• Sat, Sep 19, 2020
Reviews

Till Apes Makes You Move And Think At The Same Time

7.0

album Reviews Apr 29, 10:41am

‘Scissor Salad’ balances experimentation and head-nodding groove with relative ease
 Photo Courtesy: Till Apes

Bangalore’s Till Apes is currently working towards the release of their debut EP, but their sound is already cohesive and entertaining. Their blend of swampy neo-soul, hip-hop that sounds inspired by boom-bap and the sampling era (everything is performed here though) and a little weirdness is very current and already quite mature for such a new act. Their single ‘Scissor Salad’ turns the funk up but retains some complexity so that you can be a little cerebral while uncontrollably shaking your booty.

The song is produced immaculately (credited to Amrith Raghunathan). At some point last decade, many genres shifted away from expansiveness and went towards being as ‘cozy’ and dry with its elements as possible; ‘Scissor Salad’ follows this recipe to good effect. There is a lot going on instrumentally but each element finds its own little space. The drums, for example, are very tight, very compressed and quite accentuated. One can clearly hear every little hit and note, which makes grooves stank face-worthy. Sange Wangchuk's drums and Soorya Praveen's bass are locked in but leave each other to roam wild whenever they get a chance. The song is built on top of the rhythm section and some semi-percussive guitars in the best traditions of the genres it references; the other personnel (Gautam David on saxophone, Philip John on keys, Nathaniel Sametz on trombone and Vaibhav Sharma on trumpet) are given all the freedom in the world to explore their parts and play around with each other. The structuring of 'Scissor Salad' is also conducive to this, starting out with a funky-ass groove which will make your head move like a pigeon. There are bass licks, keyboard licks, horns playing in tandem and some separate snatches of all this happening at the same time, which is a lot and at times draws attention slightly to its detriment. The track eventually (and sensibly) ducks out of this tempo before it gets overbearing. It goes into a much more relaxed section on the the last third, where all the instrumentation finally breathes and blooms and rapper Hanumankind has a slow but groovy verse. There’s something about having a live band with these sounds backing up a more deliberate vocal delivery; an off the wall quality Kendrick Lamar used to great effect in the 2010s and a flow rappers like Ka are great at (listen to his amazing Hermit And The Recluse project if you haven’t).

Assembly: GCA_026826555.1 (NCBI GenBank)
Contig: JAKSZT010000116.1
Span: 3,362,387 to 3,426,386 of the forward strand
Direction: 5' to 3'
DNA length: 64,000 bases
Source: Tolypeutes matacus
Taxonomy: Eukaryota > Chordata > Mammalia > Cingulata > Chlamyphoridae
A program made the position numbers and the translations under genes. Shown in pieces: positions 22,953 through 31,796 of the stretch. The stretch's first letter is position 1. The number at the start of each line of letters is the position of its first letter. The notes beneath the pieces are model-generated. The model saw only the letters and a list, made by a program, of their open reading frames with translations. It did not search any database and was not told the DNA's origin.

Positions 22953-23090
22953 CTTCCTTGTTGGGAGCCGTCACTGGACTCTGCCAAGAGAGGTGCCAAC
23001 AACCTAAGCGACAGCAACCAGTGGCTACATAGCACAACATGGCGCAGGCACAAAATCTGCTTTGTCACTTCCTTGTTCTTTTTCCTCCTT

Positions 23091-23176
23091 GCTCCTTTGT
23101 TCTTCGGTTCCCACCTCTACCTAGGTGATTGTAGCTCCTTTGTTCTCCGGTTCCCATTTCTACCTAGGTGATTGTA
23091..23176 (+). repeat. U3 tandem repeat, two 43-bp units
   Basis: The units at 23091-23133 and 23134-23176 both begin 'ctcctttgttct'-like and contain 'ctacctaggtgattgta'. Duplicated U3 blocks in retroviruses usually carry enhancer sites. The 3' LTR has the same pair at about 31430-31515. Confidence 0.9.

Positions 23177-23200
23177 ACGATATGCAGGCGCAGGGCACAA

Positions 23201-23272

‘Scissor Salad’ is a layered and very dense track. In some ways it is an assault to the ears; there are so many little things to catch on to and that might prove distracting on first listen. But Till Apes do the smart thing by arranging all these moments around a groove that will pull focus without doubt. So all the subtlety and masses of disparate sounds will probably reach your ears on repeat listens; until then, dance.

Listen to 'Scissor Salad' here.

 

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